OCD is not an adjective

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Happy OCD awareness week! This week (and month) are so important to decrease the stigma of mental health, and in particular, Obsessive Compulsive Disorder (OCD). Contrary to popular belief, we are all not “a little OCD”. This false narrative takes away the reality of a debilitating illness. Starting with a science lesson, folks with OCD actually have different wiring in their brain. Our brain flags thoughts, sensations, & experiences and explores if they are a threat and what our FFF (fight, flight, or freeze) response should be. Someone with OCD’s brain is flagging most thoughts as dangerous and turning on the body’s alarm system each time. OCD then tells us, the only response to deal with them is to engage in compulsions (physical or mental) to prevent a bad outcome. 

What is OCD?

So what is OCD? We all get intrusive thoughts, it is a part of life. Most people are able to brush these off and continue on with their day. Folks with OCD cannot. These intrusive thoughts and obsessions are unwanted. They might also show up as urges or impulses. OCD specialists will refer to these thoughts as being ego-dystonic: not in alignment with our values and self-identity. The second part of this is that folks with OCD then engage in compulsions to prevent an outcome or decrease the anxiety tagged along with the thought or obsession. Compulsions can be physical or mental. For example, someone with harm OCD might fear they hit a pedestrian crossing the street in their car. Most folks could brush it off, but OCD flags this thought and says “You might have! You could have killed them! Go back and check.” So the person goes back to see if the pedestrian is lying in pain in the street. The person will drive away after checking and OCD comes back and says, “Are you sure you didn’t hit them?” Causing the person to go back and check repeatedly. Additionally, folks with OCD avoid anxiety-producing stimuli and cannot connect with rationality, providing more proof that their obsessions are factual.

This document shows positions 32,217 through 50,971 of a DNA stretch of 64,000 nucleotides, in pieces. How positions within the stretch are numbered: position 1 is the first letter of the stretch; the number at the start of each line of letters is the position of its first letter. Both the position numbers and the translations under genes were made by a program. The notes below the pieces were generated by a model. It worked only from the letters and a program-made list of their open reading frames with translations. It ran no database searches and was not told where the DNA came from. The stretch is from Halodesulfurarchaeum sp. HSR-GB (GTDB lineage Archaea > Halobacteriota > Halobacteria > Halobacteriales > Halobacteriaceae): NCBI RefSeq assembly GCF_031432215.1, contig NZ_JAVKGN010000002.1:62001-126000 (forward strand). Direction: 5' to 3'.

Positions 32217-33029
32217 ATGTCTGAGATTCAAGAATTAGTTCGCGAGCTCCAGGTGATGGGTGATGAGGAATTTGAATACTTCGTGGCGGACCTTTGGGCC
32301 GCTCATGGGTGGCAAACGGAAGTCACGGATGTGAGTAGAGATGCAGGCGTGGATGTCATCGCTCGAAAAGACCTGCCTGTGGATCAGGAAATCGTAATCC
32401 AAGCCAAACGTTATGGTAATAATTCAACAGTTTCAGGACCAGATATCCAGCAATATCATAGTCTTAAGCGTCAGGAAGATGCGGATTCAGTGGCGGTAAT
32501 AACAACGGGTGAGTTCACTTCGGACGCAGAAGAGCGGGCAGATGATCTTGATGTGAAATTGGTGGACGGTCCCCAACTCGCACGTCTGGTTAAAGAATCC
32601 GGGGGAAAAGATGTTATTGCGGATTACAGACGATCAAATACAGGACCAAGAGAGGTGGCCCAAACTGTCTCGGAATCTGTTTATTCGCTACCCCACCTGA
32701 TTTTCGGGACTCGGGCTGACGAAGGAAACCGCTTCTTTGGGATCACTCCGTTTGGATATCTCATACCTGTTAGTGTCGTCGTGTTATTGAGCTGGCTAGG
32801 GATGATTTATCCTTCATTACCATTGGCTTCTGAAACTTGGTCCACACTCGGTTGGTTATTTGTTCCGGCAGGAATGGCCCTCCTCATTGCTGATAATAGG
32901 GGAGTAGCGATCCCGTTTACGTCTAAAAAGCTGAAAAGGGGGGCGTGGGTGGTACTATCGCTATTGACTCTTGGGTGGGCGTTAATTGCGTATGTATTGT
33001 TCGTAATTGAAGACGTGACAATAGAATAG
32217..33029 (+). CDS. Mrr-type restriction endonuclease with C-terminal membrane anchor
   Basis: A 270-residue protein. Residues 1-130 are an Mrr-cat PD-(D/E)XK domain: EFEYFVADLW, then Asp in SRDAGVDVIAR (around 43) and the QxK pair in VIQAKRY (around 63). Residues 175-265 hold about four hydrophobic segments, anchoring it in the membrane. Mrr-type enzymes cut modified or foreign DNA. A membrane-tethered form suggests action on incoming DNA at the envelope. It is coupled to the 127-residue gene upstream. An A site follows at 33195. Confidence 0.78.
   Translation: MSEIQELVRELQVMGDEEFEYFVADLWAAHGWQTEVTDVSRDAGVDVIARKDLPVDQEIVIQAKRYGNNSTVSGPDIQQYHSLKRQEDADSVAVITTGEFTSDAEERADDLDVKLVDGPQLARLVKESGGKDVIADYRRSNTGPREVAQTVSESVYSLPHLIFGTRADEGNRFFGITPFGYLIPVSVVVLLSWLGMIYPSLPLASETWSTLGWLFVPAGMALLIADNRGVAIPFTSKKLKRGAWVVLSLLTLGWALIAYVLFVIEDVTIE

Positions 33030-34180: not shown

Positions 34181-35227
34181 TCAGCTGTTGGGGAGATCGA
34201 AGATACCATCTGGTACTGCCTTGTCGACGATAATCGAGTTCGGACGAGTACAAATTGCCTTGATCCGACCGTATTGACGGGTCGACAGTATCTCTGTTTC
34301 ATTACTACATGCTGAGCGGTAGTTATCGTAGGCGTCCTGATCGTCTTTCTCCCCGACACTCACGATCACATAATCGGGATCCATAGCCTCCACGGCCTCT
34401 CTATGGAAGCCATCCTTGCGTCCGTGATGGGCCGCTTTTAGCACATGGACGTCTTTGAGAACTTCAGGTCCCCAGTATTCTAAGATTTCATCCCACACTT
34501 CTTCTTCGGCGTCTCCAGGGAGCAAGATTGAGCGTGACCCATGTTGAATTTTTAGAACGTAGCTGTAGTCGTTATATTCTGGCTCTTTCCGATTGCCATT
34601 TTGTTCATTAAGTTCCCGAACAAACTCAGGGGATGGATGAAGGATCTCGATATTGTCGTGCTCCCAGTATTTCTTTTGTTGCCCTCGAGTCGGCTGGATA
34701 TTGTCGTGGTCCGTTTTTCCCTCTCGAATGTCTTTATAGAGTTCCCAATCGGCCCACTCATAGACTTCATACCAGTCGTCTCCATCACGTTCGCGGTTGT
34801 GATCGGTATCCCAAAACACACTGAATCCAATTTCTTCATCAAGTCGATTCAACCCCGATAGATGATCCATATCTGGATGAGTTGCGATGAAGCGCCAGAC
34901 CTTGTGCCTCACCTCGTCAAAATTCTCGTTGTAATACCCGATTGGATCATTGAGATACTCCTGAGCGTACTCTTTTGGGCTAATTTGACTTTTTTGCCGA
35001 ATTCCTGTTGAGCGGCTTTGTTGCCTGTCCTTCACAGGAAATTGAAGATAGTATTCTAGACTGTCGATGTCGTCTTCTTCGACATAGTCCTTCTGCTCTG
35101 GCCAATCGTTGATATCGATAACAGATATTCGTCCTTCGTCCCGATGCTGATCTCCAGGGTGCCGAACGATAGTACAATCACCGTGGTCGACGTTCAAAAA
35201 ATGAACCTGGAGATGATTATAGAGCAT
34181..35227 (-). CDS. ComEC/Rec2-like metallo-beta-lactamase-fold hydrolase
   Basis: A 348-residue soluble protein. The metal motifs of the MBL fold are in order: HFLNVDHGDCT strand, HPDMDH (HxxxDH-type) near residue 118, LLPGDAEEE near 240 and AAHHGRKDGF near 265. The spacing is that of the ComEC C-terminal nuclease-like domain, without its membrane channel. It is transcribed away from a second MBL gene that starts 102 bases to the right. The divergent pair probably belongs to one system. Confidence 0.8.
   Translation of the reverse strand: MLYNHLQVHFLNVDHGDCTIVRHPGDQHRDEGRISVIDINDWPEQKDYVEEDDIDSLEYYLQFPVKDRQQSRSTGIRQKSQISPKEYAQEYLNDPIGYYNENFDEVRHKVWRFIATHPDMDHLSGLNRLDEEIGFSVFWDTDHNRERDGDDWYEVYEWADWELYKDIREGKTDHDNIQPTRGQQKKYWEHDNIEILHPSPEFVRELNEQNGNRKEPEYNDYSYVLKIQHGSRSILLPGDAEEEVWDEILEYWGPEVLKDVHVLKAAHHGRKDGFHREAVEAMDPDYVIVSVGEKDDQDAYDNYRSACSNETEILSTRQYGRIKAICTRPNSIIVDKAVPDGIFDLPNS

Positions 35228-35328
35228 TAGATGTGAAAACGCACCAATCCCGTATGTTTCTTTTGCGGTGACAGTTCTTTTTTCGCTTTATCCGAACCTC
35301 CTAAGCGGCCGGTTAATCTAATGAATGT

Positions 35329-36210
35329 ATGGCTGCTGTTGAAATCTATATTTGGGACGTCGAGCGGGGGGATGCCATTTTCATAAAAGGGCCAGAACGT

Themes and Compulsions

Let’s dive into themes and compulsions. OCD is not just excessive hand washing or being organized. There are many themes. (This list does not contain every obsession or compulsion.) In fact, the contamination theme is not the most prevalent theme for folks suffering from OCD.  

  • Contamination: obsessions can include fear of illness or disease and germs. A fear of becoming sick; health anxiety. Compulsions could be frequently changing clothes, avoiding places perceived as contaminated, and checking the body for signs of illness.
  • Harm: obsessions can include unwanted thoughts and images about causing harm to self or others. There is a fear of death or harming someone. Compulsions could be avoiding sharp objects, not driving their car, or checking that your doors are locked at night.